Thursday, July 26, 2007

see one, do one, teach one

i was a first year registrar. the senior guy was in the month of his finals and therefore, due to a new concession from the department, he did not have to do calls (only for that one month). therefore his calls were evenly divided between the other registrars. i was the most junior. the medical officer (a year done in surgery before your training officially begins) in the firm was to handle the call. i would only be required if there were problems. i was essentially only one year her senior. i've already mentioned the fact that i was used to being thrown in the deep end, so i was ok with it.

early in the evening, she (the medical officer) phoned and told me about a blunt abdominal trauma patient. the spleen was dammaged and she was going to theater. i told her to call if there were problems. she phoned before the incision, asking me to join her. i was surprised, but i went in.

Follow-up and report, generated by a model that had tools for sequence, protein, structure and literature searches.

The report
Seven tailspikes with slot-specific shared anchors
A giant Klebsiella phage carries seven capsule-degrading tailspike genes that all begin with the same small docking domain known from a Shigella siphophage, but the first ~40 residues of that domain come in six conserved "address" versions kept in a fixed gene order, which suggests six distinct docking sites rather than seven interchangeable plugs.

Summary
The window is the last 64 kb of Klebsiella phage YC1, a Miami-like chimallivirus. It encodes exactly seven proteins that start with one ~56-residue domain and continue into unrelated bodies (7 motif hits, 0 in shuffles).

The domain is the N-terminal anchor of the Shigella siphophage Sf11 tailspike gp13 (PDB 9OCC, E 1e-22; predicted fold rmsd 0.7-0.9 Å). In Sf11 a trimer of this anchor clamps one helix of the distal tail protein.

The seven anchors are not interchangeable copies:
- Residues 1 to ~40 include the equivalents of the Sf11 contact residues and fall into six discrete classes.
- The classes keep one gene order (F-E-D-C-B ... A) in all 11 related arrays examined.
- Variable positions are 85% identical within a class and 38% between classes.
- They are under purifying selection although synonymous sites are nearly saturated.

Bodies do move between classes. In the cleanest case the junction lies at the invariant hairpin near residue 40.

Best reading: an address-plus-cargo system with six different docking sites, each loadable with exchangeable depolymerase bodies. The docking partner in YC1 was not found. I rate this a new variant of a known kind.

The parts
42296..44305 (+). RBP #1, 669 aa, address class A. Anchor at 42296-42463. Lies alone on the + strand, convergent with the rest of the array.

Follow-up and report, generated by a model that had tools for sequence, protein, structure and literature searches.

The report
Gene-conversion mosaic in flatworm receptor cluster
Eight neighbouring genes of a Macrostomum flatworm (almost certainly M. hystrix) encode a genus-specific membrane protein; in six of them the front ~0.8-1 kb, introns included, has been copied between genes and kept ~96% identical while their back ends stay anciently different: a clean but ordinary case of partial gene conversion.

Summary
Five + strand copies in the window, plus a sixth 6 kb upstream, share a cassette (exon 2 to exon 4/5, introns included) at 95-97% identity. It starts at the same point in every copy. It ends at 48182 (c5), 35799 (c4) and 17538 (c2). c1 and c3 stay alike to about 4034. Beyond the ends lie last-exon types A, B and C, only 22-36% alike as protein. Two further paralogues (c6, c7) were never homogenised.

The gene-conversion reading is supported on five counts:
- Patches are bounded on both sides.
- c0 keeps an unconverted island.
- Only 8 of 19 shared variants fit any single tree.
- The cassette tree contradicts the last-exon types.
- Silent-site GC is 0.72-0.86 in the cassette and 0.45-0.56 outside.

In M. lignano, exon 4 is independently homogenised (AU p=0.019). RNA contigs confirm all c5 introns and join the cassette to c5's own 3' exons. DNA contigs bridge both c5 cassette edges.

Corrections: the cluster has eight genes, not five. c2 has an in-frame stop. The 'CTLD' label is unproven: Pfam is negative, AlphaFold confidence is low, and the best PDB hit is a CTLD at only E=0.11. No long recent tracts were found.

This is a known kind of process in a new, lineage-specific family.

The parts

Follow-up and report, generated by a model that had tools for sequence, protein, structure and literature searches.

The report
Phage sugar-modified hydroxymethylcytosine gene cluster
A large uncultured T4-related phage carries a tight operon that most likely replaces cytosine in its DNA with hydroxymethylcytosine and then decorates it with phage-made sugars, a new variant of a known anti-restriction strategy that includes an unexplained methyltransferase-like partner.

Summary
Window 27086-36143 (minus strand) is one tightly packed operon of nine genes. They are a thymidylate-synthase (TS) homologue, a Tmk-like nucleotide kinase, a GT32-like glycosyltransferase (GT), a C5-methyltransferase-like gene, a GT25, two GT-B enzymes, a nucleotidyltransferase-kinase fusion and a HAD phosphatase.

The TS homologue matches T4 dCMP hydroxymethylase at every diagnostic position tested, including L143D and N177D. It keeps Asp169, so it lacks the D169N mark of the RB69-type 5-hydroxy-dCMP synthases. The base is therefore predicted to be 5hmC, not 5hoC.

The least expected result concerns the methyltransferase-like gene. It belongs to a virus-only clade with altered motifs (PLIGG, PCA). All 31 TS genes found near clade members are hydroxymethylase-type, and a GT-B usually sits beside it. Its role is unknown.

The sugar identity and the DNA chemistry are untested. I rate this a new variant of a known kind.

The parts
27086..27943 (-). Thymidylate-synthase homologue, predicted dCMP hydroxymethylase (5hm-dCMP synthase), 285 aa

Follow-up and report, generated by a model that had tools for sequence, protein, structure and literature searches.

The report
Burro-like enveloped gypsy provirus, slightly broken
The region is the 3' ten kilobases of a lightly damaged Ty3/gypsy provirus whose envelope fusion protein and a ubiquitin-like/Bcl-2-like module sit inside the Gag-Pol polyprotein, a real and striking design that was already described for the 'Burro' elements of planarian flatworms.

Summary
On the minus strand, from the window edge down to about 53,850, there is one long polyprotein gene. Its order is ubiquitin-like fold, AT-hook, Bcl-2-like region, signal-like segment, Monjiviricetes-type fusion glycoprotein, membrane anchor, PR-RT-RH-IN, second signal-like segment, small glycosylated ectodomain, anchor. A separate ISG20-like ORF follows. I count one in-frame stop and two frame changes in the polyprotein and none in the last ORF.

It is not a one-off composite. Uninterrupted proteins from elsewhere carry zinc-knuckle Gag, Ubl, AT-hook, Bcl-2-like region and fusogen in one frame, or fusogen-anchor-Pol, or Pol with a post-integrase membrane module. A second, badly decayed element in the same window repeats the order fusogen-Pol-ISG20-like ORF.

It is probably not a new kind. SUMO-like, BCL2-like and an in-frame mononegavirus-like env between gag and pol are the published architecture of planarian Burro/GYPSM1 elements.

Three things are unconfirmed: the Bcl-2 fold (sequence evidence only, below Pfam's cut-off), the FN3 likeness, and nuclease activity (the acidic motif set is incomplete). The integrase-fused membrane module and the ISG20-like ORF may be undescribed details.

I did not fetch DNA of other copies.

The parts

i let her open. i was going to assist. she hesitantly got into the abdomen...eventually. it was full of blood. she stood back and asked me to take over. once again i was surprised. i stepped up. the spleen was severely ruptured and oozing quite convincingly. the medical officer immediately said-
"i'm so glad you're here. i've only ever seen two splenectomies and done none." i considered telling her that i'd never in my life even seen a splenectomy, but decided she seemed to be in enough of a flat spin without that morsel of information. i had been surprised by her twice. twice was enough. i simply realised she did not have the heart of a surgeon. i couldn't blame her. it is not for everyone.

so i did the splenectomy. (when i was a medical officer in a firm without a registrar due to an overall lack of them, my consultant, in an attempt to not have to come out in the middle of the night when he was on call, had given me a quick lecture on all-you-can-expect-to-see-on-call-and-how-to-handle-it-without-calling-me. in this lecture he had dedicated about 10 minutes to how to whip out a spleen for dummies. i was a dummy so i felt fully equipped).